The Met Police has issued a statement to encourage victims of hate crime to come forward, and to stress they will not tolerate hate crime in the capital.
In the statement head of community engagement for the Metropolitan Police, Chief Superintendent Dave Stringer, talked about the Met's commitment to tackling hate crime in all forms.
The Met made 25 arrests for hate crime offences between Saturday (June 3) and Wednesday (June 7).
But Chief Superintendent Stringer also highlighted a year on year increase in all areas of the crime.
He said the rise is due to a range of factors: "A growing willingness of victims to report hate crime, an overall improved awareness of staff in identifying these offences, and work with partners to support victims."
He added: "However, we also know world events can also contribute to a rise in hate crime."
The statement has been released in the wake of the London Bridge terror attack, in which eight people lost their lives, and 48 were left injured.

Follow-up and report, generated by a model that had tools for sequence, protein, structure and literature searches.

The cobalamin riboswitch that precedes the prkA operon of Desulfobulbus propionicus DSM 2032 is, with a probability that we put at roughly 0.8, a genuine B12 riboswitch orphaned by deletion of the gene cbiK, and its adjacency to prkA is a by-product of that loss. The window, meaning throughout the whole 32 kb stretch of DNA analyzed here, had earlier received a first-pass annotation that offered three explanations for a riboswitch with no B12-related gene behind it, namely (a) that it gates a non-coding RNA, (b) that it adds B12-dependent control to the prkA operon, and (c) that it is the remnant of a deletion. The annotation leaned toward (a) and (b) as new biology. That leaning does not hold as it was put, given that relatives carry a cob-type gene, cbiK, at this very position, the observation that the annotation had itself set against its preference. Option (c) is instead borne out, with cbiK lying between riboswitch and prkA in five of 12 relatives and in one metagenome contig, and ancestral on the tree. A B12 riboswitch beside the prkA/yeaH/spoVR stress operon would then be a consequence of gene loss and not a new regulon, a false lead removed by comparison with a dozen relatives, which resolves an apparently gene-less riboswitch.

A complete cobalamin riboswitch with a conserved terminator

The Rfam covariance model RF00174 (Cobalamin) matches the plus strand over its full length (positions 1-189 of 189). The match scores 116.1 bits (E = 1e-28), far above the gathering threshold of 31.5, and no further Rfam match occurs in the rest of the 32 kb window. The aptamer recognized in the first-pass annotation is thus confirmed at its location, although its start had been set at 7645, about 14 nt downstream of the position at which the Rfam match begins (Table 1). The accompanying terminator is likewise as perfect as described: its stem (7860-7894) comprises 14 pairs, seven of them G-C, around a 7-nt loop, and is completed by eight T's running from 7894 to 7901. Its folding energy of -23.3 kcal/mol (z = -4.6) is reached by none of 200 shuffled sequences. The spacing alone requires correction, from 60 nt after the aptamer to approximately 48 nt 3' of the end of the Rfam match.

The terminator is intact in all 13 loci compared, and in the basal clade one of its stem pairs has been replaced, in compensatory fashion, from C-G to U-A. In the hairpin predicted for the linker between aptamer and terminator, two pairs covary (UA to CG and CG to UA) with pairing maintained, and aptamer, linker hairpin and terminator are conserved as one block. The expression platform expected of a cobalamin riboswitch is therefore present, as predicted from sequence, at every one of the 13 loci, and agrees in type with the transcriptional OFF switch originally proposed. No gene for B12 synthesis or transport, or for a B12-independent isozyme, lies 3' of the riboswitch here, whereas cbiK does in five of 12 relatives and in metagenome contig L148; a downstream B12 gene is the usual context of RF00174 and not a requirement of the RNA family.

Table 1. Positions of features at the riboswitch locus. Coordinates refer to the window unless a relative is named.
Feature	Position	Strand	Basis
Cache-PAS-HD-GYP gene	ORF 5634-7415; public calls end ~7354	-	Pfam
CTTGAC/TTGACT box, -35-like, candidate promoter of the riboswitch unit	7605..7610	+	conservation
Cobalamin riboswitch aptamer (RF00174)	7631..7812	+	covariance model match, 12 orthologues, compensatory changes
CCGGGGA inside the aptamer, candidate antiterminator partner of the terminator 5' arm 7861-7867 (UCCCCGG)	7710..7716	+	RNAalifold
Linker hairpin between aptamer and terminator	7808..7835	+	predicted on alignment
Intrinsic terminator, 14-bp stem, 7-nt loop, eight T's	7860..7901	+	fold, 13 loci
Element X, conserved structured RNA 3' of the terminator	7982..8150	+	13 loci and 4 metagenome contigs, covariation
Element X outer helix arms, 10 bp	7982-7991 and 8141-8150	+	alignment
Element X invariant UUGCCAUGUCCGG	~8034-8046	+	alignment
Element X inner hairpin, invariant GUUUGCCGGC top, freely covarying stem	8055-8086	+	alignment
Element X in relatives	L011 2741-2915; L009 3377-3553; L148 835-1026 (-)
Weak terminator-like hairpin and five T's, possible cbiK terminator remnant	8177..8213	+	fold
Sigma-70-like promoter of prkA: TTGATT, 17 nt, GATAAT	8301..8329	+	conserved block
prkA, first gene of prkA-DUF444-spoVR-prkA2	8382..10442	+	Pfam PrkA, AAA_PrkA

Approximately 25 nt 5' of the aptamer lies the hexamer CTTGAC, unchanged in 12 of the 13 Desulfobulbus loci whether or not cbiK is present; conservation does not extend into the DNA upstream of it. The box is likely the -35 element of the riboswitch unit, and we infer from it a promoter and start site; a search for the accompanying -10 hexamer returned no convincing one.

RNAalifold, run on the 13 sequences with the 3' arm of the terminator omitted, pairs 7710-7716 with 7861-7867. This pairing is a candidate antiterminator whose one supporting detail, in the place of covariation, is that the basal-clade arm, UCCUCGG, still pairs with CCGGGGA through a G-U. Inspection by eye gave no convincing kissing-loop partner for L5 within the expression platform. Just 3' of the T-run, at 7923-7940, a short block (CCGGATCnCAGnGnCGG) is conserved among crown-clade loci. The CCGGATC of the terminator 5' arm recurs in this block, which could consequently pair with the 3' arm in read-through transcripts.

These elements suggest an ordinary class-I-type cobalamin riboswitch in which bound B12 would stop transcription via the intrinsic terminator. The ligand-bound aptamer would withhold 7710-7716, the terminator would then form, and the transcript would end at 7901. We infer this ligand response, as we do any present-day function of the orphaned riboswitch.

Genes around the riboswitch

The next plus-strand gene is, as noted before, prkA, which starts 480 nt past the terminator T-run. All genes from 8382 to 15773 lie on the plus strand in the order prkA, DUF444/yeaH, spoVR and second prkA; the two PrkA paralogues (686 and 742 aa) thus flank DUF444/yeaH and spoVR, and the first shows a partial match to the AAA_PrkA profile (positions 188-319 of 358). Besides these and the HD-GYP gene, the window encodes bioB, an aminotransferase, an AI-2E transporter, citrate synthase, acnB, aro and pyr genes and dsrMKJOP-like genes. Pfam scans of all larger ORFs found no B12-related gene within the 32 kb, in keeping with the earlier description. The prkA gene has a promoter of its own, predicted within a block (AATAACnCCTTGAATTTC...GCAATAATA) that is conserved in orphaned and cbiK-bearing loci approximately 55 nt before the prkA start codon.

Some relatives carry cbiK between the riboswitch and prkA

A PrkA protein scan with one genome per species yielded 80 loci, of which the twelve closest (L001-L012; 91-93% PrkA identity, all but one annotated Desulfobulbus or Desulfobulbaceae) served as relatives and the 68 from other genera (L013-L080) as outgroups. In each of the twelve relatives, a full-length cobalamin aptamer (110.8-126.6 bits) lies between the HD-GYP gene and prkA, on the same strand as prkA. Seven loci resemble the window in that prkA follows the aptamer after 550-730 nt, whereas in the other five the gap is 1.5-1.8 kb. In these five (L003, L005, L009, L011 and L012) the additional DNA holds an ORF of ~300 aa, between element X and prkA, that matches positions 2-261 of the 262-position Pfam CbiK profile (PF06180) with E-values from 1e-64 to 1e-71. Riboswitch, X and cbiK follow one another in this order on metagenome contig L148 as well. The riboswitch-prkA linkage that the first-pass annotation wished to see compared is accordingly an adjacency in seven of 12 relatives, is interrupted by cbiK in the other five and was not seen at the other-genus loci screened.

Chief Superintendent Stringer added: "Since Saturday evening's attacks, we have increased the number of officers on the streets and in communities to reassure local people that they are able to go about their daily lives in peace and without fear of harassment or intimidation.
"Dedicated ward officers have also made contact with their local places of worship to encourage them to report hate crimes and to reassure those who congregate there that the police will take these crimes seriously.
"The Metropolitan Police has made 25 arrests for hate crime offences since Saturday."
He also added: "Following the terrorist incidents in Europe in recent years, we have anticipated that similar incidents in the UK may lead to a greater need to support those communities that are more vulnerable to becoming victims of hate crime, and we have taken action accordingly."
The Met Police says it has increased specialist investigators within the London boroughs by 30 per cent and has more than 900 members of staff dedicated to investigating all hate crime and domestic abuse crimes.
The force encourages people to report hate crime by dialling 999 in an emergency or 101 in a non-emergency.
Those wishing to speak to someone can also do so directly at the police station, through the MOPAC Hate Crime app or through community methods such as Tell MAMA, Galop, or the CST.
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